I’ve had my fair share of gym memberships. In various gyms I’ve seen great trainers, and I’ve seen some down right horrible trainers just based on how the client responds to the trainer. I don’t hide the fact that I’m a personal trainer, but I don’t flaunt it either. In the course of conversations with other gym members, I’ve found that many trainers often leave clients with more questions than they give answers, and when I’m asked as a personal trainer to clarify something that their trainer has told them, I do my best to give an honest after getting more information. Without sounding pompous, the case has been that more often than not I was able to more effectively answer a question for another trainer’s client than was the trainer.
Some trainers would consider me giving these answers as “undercutting” them or trying to take their business, but I make it a point not to solicit other trainers’ clients as a professional courtesy. What is the most professional way to deal with situations like this, and do you think that it is wrong to simply clarify something for another trainer’s client if that client wasn’t satisfied with the answer that the trainer gave him/her? Also, do you think that as professionals we should just stand idly by and watch other trainers’ clients have less than fulfilling fitness experiences? Thoughts? Comments? Suggestions? Concerns? I’m open!
I always try my best to find what is accurate in a fellow fitness professional’s response to queries posed to them by their clients. I do this because:
1. I was not there to hear the entire conversation.
2. I value leaving my peers edified.
3. Someone always knows more than I and is able to shed more light on a topic than I might be able to shed at the present time.
4. Everyone has their gift and not everyone has the gift of eloquence or being an effective speaker/teacher/orator. It doesn’t mean that the fitness professional does not understand. To me it means he/she is unable to express it in words in the manner that he/she would like.
5. At times the fitness professional explains it well and the client repeats what he or she thought he/she understood to you, or for that matter me incorrectly. That could potentially cause prejudice toward the personal trainer.
I am a firm believer of:
If you know better do better. Be the change. Inspire others through your actions.
Portals like this give us access to resources that we can print out and pass on to our colleagues on topics you feel they might need clarification upon.
Edification is the opposite of undercutting. Do your part to help educate those who you see can use the assistance. It will only reinforce what you know.
I hope this is of help to you Marlan.
I am in the very happy circumstance of having my own studio with only my husband and myself as trainers. I also work out there myself because I just do not enjoy ‘normal’ gyms. Thus I have removed myself from situations like the ones you are describing.
But I was at gyms long enough to remember well how often I was biting my tongue and forced myself to look into a different direction. I made it a principle not to initiate a conversation.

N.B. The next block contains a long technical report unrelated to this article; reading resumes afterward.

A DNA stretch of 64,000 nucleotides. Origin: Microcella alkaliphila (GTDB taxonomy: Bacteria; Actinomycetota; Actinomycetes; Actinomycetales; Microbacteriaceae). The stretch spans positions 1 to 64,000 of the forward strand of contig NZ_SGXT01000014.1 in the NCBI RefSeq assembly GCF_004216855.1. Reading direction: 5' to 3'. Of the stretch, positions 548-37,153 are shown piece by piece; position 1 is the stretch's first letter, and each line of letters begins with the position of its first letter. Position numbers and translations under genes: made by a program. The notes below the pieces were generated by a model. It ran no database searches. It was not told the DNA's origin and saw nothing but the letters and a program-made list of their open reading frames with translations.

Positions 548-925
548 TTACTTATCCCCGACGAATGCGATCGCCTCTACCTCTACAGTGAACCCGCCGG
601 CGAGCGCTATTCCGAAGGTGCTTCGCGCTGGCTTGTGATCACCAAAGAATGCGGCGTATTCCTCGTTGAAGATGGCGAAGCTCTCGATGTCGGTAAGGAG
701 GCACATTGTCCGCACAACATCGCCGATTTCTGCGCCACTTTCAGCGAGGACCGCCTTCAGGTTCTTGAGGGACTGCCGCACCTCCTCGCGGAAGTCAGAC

What I may have tried was to start a conversation with the other trainer and, as best as I could, lead the conversation towards a subject that I may have overheard.
When people asked me directly, I’d answer as well as I could. When asked to comment on somebody else’s answer, I always stated that I may not know the whole story but would give my personal opinion. This I would not consider undercutting. I never solicited somebody else’s business.
Well, I can certainly identify with your situation. Although my initial certification was a personal trainer, I was hired as a group fitness instructor. When I decided to do both group ex and PT I found myself in the situation you described. Sure, I talk to people out on the floor when I’m at the gym because the regulars know I work there.
It’s hard because at the same time, there may not be any trainers on the floor and I can’t hand the person off to a trainer I trust (my preferred method if it’s an in depth question). I don’t mind clarifying things, but I don’t ever say “your trainer was wrong” or things like that. I say something like, “Maybe what your trainer meant was…” That way I don’t feel like I’m undermining what the trainer is doing, just clarifying.
I did get tired of holding my tongue and that was part of the reason I went back to group ex. I cannot wait for when I have my own business up and going!
For me the line of demarcation is whether my opinion is asked for. I never interject myself into another trainer’s client-trainer relationship; in my opinion that’s just bad business and lacks professionalism. We trainers consider ourselves professionals, and so I always try to analogize what we do, and how we interact with the public, both our own and other trainers’ clients to how other professionals manage those interactions. I don’t think you’d ever see another physician talking with a patient about how that patient’s doctor is treating them, unless they are engaged in a doctor-patient relationship, ditto for lawyers, accountants… I recognize that some of these other professions have codes of conduct and ethical codes, however the idea is that if we are, and want to be, viewed as professionals, we need to begin to respect the professionalism of our colleagues, even when we disagree with something they are doing.
If I’m asked my opinion, I will give it – no problem. I will not interfere with another trainer’s client unsolicited base on ethics, professionalism, and quite frankly also liability.
I hope this helps.